AMD Revises Opteron Roadmaps, Pushes Out Rev Gs
Published: May 8, 2008
by Timothy Prickett Morgan
Hoping to build some confidence in its processor roadmaps, Advanced Micro Devices this week is talking more specifically about its Opteron and Athlon X64 processor plans between now and 2010. With the difficulties of the "Barcelona" quad-core Rev F Opterons for two-socket and larger machines behind it and the "Budapest" quad-core variants for single-socket boxes coming this quarter, AMD has taken a hard look at its roadmaps and made some important changes--changes that should improve its chances of keeping pace with a resurgent Intel.
What is immediately obvious after reviewing the new AMD processor roadmaps is that the eight-core "Sandtiger" Opteron processor, which was going to plug into the new Rev G socket, now known as the Socket G34, has been thrown onto the scrap heap. AMD first started talking about the Sandtiger kicker to the now-current Socket F1 Barcelona and Budapest chips last August, when it became clear that Barcelona was going to be delayed. Not only is the Sandtiger family of eight-core chips gone, but the Rev G socket that it was designed to plug into has been pushed out to 2010 from its original 2009 launch date (according to the roadmaps from last summer, anyway). It now becomes apparent why the heads in marketing and engineering have been rolling lately at AMD.
Many of the Sandtiger features are being put into the revised Opteron and Althon products, of course, and the transformation of the Sandtiger products into the new X64 chips is really AMD's desire to better hit the sweet spots in the server and workstation market in terms of core counts and clock frequencies than the eight-core Sandtiger family would have done. The lower core count will allow not only higher chip yields potentially--if AMD even decides to keep fabbing its own chips--but will also allow the clock cycles to be boosted. This is why Intel's future Xeon chips are moving to six cores per die, and AMD has little choice but to follow. And the same holds true--and many observers of the chip industry have noted--with AMD having to concede that multichip packaging, such as that pioneered by Hewlett-Packard for the Itaniums and then by Intel and IBM for their Xeon and Power processors to boost the performance per socket in their chips, is not always a bad idea if the chip is architected for it. (And, to Intel's credit and profit, maybe even if it isn't.)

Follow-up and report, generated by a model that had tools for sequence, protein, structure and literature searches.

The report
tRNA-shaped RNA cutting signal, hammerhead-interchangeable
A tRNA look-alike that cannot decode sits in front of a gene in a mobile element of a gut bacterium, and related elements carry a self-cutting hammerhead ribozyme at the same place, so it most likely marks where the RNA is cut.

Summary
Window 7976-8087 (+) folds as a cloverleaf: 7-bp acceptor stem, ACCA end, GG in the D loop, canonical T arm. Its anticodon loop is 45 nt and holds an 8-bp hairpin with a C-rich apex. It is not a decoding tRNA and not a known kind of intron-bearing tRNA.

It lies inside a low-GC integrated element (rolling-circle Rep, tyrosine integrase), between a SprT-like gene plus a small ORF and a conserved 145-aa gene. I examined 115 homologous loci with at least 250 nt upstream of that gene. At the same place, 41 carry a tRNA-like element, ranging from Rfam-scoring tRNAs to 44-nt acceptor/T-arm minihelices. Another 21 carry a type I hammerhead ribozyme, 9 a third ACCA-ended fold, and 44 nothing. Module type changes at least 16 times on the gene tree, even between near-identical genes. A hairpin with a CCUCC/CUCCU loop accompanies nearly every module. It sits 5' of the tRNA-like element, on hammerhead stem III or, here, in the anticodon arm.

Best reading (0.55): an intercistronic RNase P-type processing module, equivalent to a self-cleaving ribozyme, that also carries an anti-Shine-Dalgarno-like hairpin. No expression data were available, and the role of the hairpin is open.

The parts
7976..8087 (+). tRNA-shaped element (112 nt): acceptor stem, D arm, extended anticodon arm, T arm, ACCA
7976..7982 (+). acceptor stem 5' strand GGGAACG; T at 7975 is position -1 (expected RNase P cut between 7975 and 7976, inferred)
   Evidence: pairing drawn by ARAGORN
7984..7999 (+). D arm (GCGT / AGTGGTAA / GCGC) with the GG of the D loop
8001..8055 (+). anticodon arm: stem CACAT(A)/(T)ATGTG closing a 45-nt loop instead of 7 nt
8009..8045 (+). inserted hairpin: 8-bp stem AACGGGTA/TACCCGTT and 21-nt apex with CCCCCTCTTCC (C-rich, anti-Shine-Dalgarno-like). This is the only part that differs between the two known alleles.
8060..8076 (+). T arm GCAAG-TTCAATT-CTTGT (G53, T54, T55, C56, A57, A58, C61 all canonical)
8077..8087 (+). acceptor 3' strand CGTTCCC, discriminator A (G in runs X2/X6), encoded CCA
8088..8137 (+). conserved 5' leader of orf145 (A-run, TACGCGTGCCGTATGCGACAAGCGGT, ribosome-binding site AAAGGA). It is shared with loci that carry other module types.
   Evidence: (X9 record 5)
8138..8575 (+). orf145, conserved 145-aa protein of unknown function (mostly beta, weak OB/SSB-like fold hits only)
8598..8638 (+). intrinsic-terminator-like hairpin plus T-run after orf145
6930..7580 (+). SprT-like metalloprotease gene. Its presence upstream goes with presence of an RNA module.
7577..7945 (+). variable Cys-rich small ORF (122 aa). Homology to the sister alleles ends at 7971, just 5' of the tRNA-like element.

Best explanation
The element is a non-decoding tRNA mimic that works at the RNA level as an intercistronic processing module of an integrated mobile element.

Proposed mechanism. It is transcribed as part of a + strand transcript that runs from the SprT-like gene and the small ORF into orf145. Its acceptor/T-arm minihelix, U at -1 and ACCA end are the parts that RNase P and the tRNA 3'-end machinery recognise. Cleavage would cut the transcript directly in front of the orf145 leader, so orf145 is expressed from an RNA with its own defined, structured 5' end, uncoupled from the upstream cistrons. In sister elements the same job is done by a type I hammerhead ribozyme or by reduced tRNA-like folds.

Randy Allen, general manager of AMD's server and workstation division, didn't even mention the Sandtiger processor in his briefing with the IT press this week as he laid out the new chip roadmap, and AMD is not even issuing a press release about the roadmap even if it is putting the information out on its Web site. Allen said that the "Shanghai" kicker to Barcelona is on track for shipments at the end of this year as AMD transitions from the 65 nanometer processes used to manufacture the Barcelona and Budapest Opterons to a 45 nanometer immersion lithography technique that is going to allow AMD to boost its quad-core processor performance by about 20 percent compared to the current quad-cores. The Shanghai chips will have 6 MB of shared L3 cache (more than three times that of the Barcelonas) and 512 MB of L2 cache per core (double that of the Barcelonas). The AMD-V hardware assisted virtualization features are also being improved to allow for 25 percent faster virtual machine migrations inside a system. The Shanghai chips will support 800 MHz DDR2 main memory as well, which runs about 10 percent faster than the 667 MHz DDR2 main memory used with the Barcelonas. The Shanghai chips will also include support for the HT-3 HyperTransport interconnect, and will plug into the existing Socket F1 CPU sockets (formerly known as the Rev F socket or the Socket 1027). nVidia nForce 3050 and 3600 chipsets and Broadcom HT-1000 and HT-2100 chipsets will therefore support the Shanghai chips, just as they supported the dual-core "Santa Rosa" and quad-core Barcelona Rev F chips.